Study of Indian women’s role in farming wins international prize for academic
The University of Manchester’s Professor Bina Agarwal has been recognised in the gender studies category of the Balzan Prize for her “heroic” work studying women’s contributions to agriculture in India.
Professor Agarwal, who is based at the Global Development Institute, was announced as the recipient of the award on 12 September in Milan by the Chairman of the Balzan General Prize Committee, Salvatore Veca, together with the President of the Balzan Prize Foundation, Enrico Decleva.
Professor Marjan Schwegman, Utrecht University, commented that Professor Agarwal had received the award for: “Challenging established premises in economics and the social sciences by using an innovative gender perspective; for enhancing the visibility and empowerment of rural women in the Global South; for opening new intellectual and political pathways in key areas of gender and development.”
The Balzan Prize is presented to people or organizations that have made outstanding achievements in humanities, natural sciences, culture. The prize has been awarded annual since 1978 with four varying fields chosen each year. Recipients of the award receive 750,000 Swiss francs, half of which must be used for research. The Prizes will be presented during the award ceremony to be held in Berne on November 17.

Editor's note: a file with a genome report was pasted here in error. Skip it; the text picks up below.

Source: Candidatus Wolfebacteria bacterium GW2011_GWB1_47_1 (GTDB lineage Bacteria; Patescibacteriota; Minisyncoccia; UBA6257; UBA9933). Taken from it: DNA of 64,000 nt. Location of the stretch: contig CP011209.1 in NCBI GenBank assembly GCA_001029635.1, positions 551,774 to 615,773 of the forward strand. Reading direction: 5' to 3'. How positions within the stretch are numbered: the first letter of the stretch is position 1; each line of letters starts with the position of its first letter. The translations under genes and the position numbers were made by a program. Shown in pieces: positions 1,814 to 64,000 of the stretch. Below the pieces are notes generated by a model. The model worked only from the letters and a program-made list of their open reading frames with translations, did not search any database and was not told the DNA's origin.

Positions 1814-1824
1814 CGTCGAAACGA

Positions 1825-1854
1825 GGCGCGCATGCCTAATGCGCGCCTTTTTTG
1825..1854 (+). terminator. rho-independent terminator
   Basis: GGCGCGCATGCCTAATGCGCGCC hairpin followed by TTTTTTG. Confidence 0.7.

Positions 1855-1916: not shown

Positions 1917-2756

Professor Agarwal was awarded alongside two US scientists, whose work has contributed to creating immunological treatments for cancer, Belgian astrophysicist Michael Gillon, and Aleida and Jan Assmann, who were recognised for their work presenting collective memory.
The award continues an extraordinary 12 months for Professor Agarwal who has been awarded Order of Agricultural Merit by France and the Agropolis Foundation Louis Malassis International Scientific Prize.
In addition, she recently published a 3 volume compendium, Gender Challenges, of her ground breaking essays on agriculture, property rights, and the environment.
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